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Wednesday, December 19
 
Nets might be looking for another home

Associated Press

NEWARK, N.J. -- The New Jersey Nets are threatening to move to New York if state funding for an arena in Newark is not approved before the end of the year, according to a report published Wednesday.

The team's parent company, YankeeNets, made an ultimatum last Friday to Mayor Sharpe James, the Star-Ledger of Newark said. The mayor's office said he was not immediately available for comment.

He informed legislators and Gov.-elect Jim McGreevey, the newspaper said. YankeeNets wants $190 million from the state for a $355 million arena.

An ultimatum won't change anything, says a ranking lawmaker who favors the arena plan stalled in the Legislature.

"It's not going to be under the Christmas tree for them," Senate Democratic Leader Richard J. Codey said Wednesday. "Maybe in the Easter basket."

A spokesman for Madison Square Garden declined to comment on the report. The New York landmark already is home to the New York Knicks basketball team and the New York Rangers hockey club.

The Nets would seek an arrangement similar to the Staples Center in Los Angeles, now home for two NBA teams and one NHL team.

McGreevey, who takes office Jan. 7, has cautioned that a looming budget shortfall should put all discretionary spending on hold.

Codey, whose Essex County district includes Newark, said he understands the frustration of the Nets, who seek to leave Continental Airlines Arena in East Rutherford, which they say is outmoded.

YankeeNets also owns the New York Yankees as well as the New Jersey Devils hockey club, also a Continental tenant. YankeeNets has been seeking to bring the Devils and Nets to Newark.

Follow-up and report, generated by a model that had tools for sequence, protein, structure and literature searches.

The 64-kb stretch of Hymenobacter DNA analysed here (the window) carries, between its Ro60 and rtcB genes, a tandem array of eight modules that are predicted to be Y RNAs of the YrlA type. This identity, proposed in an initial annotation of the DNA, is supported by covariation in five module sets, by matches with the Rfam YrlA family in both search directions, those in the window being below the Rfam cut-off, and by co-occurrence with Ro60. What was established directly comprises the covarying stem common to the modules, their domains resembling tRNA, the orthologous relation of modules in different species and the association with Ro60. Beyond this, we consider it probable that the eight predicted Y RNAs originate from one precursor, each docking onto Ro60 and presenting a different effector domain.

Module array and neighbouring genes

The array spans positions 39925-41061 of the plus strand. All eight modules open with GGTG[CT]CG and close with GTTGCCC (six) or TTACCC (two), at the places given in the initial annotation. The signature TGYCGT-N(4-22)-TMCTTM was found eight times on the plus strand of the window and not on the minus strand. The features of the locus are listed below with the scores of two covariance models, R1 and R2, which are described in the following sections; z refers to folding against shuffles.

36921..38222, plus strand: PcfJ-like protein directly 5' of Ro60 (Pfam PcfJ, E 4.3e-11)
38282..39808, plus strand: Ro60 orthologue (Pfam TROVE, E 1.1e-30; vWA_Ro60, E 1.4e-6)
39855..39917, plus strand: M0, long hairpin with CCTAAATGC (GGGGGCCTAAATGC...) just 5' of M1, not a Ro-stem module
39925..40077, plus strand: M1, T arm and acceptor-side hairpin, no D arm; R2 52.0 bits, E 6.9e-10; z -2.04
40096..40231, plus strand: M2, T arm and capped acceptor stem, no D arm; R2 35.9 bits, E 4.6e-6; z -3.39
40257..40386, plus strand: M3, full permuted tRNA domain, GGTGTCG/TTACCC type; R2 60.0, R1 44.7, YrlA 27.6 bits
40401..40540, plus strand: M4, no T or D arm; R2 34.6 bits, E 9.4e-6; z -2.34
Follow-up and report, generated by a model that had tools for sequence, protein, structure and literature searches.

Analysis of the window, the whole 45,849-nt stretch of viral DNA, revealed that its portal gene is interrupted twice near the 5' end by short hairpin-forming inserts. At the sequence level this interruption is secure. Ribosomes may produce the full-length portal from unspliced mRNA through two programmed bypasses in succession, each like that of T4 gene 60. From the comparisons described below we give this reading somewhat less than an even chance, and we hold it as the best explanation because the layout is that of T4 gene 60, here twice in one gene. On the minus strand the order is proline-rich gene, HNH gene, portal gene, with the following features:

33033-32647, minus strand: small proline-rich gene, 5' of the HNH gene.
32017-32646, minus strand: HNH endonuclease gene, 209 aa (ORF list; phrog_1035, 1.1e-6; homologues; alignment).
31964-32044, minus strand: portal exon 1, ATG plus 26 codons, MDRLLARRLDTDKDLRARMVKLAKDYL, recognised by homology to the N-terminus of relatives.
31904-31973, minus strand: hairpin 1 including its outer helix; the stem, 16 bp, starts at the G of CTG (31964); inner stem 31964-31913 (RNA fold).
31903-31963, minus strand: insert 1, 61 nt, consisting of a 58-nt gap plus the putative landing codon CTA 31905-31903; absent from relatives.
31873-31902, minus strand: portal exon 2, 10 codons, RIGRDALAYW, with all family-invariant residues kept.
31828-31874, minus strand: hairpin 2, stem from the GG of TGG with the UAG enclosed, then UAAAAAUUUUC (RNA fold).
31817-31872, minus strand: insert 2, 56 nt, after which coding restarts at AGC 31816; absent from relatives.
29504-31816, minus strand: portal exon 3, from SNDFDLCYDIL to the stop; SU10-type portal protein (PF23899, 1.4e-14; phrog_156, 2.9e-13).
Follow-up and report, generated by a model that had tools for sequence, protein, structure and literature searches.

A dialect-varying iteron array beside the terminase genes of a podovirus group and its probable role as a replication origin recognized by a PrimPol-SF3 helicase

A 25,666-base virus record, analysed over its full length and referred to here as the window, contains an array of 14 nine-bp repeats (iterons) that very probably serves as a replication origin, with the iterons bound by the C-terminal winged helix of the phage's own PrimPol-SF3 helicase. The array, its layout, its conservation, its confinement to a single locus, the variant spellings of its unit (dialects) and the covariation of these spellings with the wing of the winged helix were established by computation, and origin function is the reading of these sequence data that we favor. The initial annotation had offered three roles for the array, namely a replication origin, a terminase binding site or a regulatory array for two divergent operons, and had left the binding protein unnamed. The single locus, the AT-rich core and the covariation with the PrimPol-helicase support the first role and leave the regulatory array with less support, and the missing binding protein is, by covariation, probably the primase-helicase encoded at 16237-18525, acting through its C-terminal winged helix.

McGreevey met with YankeeNets officials for 90 minutes Wednesday at his transition office in Trenton, said Jo Astrid Glading, a spokeswoman for the governor-elect.

"He looks forward to negotiating with them," she said.

Len Coleman, chairman of the YankeeNets unit working to build the Newark arena, did not respond to a request for comment Wednesday.

The Nets' lease with the state authority that operates Continental Airlines Arena runs through the 2006-2007 season, but the team can relocate for next season if it gives notice by Jan. 1 and pays a $7.5 million escape fee.

The most recent effort to get money for the Newark arena failed on Monday, when an Assembly committee rejected amendments bringing millions of dollars to projects for southern New Jersey.

The Assembly Appropriations Committee did not vote on the arena bill, which passed the state Senate in June.

Assembly Speaker Jack Collins of Salem County has refused to post the arena bill while seeking millions of dollars for projects in the southern part of the state. A message seeking comment Wednesday from his office was not immediately returned.

Collins is retiring in January. The speaker-elect is Albio Sires of Hudson County, who said Wednesday he favors the Newark arena plan.

Under the downtown Newark proposal, YankeeNets would invest $115 million to own the arena, and Essex County would provide a $50 million subsidy. Revenues from sales taxes collected in the arena and in the business district around it would be diverted to repay the $190 million the state would spend for land improvements, parking, ramps and roads.




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